Decision 2012 Got You Down? Sing Along with the Super-Rare Thanks a Million in 35mm

The Portage Theater – 4050 N. Milwaukee Ave – $5.00 per ticket
For the full schedule of classic film screenings at the Portage, please click here.

Wednesday, November 7th @ 7:30pm
THANKS A MILLION
Directed by Roy Del Ruth • 1935
Anxious to keep out of the rain on a bus layover in that ubiquitous little village in Pennsylvania, Dick Powell and his troupe of traveling musicians attend a political rally for governor-to-be Raymond Walburn. The candidate is an incompetent drunkard, and his Square Deal Party backers turn to Powell & Co. to liven up the campaign. A victim of circumstance, Powell soon replaces Walburn as candidate for governor with the hope of losing the election and gaining a radio career. Beating Preston Sturges’s Hail the Conquering Hero to the punch by about nine years, this is the rare political satire that’s more transcendent than mean (the New York Times noted it was “pardonable but definitely incorrect of you to assume from this that the new film is an attack on the intelligence of the Pennsylvania electorate”), and Dick Powell is at his pre-noir best. (JA)
87 min • 20th Century-Fox • 35mm from Fox
Cartoon: “Let’s Go” (Arthur Davis, 1937) IB Technicolor 16mm – 7 min

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And don’t forget about our next screening at Cinema Borealis.

1550 N. Milwaukee Ave, 4th Floor
Suggested Donation: $10

Sunday, November 11th @ 6:00pm & 8:30pm
YOU GOT TO MOVE: STORIES OF CHANGE IN THE SOUTH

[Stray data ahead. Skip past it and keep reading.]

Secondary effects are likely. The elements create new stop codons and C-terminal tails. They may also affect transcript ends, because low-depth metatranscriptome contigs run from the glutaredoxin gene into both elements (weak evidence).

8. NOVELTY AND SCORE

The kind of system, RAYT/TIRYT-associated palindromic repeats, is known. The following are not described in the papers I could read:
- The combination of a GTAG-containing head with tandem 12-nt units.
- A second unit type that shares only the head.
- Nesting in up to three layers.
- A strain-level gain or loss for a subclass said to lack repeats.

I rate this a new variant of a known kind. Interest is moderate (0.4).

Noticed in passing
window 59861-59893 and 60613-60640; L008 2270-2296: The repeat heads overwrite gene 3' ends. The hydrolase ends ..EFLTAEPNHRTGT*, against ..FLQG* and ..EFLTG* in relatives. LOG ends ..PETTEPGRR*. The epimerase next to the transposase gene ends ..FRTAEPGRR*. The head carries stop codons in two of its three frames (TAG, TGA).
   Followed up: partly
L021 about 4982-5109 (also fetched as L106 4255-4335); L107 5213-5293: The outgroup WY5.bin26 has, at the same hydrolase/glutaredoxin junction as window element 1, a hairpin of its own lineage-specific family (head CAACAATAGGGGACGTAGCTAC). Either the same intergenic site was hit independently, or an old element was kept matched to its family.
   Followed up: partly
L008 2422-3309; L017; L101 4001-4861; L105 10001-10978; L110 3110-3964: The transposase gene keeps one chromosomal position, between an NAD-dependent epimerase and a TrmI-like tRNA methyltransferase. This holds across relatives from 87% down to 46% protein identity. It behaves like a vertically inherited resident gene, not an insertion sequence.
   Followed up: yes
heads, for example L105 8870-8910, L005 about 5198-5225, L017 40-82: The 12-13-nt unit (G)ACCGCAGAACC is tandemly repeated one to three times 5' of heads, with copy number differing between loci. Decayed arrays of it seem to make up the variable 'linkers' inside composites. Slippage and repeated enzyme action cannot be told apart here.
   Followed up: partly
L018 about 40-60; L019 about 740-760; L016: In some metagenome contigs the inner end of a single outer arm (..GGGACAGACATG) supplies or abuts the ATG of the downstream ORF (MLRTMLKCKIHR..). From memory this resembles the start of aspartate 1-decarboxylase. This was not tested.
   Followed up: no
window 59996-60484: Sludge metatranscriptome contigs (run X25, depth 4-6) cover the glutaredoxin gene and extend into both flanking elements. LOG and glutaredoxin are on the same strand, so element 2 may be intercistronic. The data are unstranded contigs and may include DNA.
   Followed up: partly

Directed by Lucy Massie Phenix and Veronica Selver • 1985
“What is it that changes people from feeling powerless to making them see and feel their own power in bringing about changes that will affect their lives?” You Got to Move began with this question and found ample and inspiring answers from a half dozen Southerners allied with the Highlander Folk School in rural Tennessee. The documentary commemorates three generation of political activists whose achievements would become marginalized in the Reaganite ’80s, including Sweet Honey in the Rock frontwoman Berenice Reagon and Highlander co-founder Myles Horton. Produced by engaged documentary veterans Phenix and Selver, who also contributed to Winter Soldier, Word is Out, The Life and Times of Rosie the Riveter, and Berkeley in the Sixties. (KW)
85 min • 16mm from Milliarium Zero

Former Chicago Reader critic and Highlander alumnus Jonathan Rosenbaum will introduce the 8:30 show and lead a discussion afterwards.

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